The Geminid meteor shower will grace skies tonight as hundreds of bright meteors fly from rock asteroid 3200 Phaethon. This video shows you the meteors that shot across the skies in Daytona Beach, Florida.
The moon won't be outshining many of them, setting at about 10:30 Thursday night and 11:30 Friday. But unlike most meteor showers, which originate from icy comets, the Geminids stem from the mysterious rocky object 3200 Phaethon. Those looking to observe the astronomical phenomenon should head outside to places with minimal light pollution.
The best view of the comet and the meteor shower is likely the central part of the United States. If you're planning to go outside and watch, factor in a window of about 30 minutes for your eyes to adjust to the darkness.
This happens when the Earth passes via a massive trail of dusty debris shed by Phaethon 3200, an asteroid. As Earth traverses through the area every year in mid-December, the particles collide with the outer atmosphere and burn, transforming into gorgeous "shooting stars". This shower is called "Geminid" because it is named after the constellation 'Gemini'which is where the meteors seem to emerge, it is believed.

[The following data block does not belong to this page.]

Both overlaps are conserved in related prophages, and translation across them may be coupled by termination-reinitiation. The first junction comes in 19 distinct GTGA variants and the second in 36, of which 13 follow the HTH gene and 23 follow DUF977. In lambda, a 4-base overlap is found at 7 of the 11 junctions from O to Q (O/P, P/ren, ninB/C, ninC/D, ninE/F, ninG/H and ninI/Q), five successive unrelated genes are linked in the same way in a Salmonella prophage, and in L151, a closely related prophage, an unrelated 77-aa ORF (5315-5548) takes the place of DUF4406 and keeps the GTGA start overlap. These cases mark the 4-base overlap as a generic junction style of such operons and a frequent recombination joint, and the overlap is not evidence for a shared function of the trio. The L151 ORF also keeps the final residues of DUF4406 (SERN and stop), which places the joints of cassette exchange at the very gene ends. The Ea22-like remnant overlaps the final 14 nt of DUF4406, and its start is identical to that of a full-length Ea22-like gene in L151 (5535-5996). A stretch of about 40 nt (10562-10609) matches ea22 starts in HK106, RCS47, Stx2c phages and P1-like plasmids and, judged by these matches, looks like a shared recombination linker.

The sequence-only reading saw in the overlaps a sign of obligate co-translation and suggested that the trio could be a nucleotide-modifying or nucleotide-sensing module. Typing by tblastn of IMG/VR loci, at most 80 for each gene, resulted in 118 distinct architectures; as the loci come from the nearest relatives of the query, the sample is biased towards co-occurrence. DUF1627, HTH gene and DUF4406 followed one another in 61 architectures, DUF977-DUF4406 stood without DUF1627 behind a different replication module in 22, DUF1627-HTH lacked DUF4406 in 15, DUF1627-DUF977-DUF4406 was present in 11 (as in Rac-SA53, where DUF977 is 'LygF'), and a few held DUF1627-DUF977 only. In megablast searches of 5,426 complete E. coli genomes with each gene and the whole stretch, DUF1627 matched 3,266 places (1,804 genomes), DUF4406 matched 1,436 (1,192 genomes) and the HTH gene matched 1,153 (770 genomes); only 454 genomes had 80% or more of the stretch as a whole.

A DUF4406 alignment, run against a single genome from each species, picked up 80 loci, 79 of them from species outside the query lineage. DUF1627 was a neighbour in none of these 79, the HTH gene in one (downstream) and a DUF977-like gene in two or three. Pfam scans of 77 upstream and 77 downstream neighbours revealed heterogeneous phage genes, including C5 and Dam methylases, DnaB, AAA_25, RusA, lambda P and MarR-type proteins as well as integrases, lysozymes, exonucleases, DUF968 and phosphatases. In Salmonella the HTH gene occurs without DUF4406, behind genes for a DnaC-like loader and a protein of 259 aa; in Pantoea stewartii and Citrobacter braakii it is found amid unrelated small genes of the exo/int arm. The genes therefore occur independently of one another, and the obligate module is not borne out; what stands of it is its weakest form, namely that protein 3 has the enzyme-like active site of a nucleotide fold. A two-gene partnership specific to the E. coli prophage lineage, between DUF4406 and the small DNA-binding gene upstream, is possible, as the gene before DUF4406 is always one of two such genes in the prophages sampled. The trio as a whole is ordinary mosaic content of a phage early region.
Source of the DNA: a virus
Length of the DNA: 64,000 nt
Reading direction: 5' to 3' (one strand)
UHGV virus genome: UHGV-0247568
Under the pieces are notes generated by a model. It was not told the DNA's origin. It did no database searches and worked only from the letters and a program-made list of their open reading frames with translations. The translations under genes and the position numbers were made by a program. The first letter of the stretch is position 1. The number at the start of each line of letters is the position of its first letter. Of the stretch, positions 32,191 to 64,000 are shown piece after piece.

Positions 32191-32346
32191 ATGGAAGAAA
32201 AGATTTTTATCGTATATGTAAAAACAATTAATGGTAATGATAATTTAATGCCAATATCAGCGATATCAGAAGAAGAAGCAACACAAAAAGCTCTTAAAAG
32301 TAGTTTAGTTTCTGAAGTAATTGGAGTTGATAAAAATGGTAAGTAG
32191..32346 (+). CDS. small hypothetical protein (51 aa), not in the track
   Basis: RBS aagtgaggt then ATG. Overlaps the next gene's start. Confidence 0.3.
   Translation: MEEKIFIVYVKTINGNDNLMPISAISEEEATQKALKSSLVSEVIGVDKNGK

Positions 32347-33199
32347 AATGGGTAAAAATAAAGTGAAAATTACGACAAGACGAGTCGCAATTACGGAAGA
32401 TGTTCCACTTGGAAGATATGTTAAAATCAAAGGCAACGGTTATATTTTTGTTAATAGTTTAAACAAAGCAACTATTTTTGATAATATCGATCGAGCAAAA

Using Orion's belt as a reference point, Mrs O'Connor said to look to the left for a red star, from which the Gemini constellation is located directly below. After midnight, Gemini will have moved into the west-southwestern skies.
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If you can't get out of the city or have no way of securing an unobstructed view of the Geminid meteor shower don't fret Slooh has your back.
The attractive Aurora Borealis photobombed by the Geminids shower! Berkeley's city lights coupled with a waxing crescent moon will mask some of the fainter meteors, but visibility is expected to improve after 11 p.m. when the moon sets.
You should got to the roof if you want to catch a better glimpse of the cosmic show.
The Lawrence Hall of Science's outdoor area will remain open to the public all night. You will soon start to see Geminid meteors.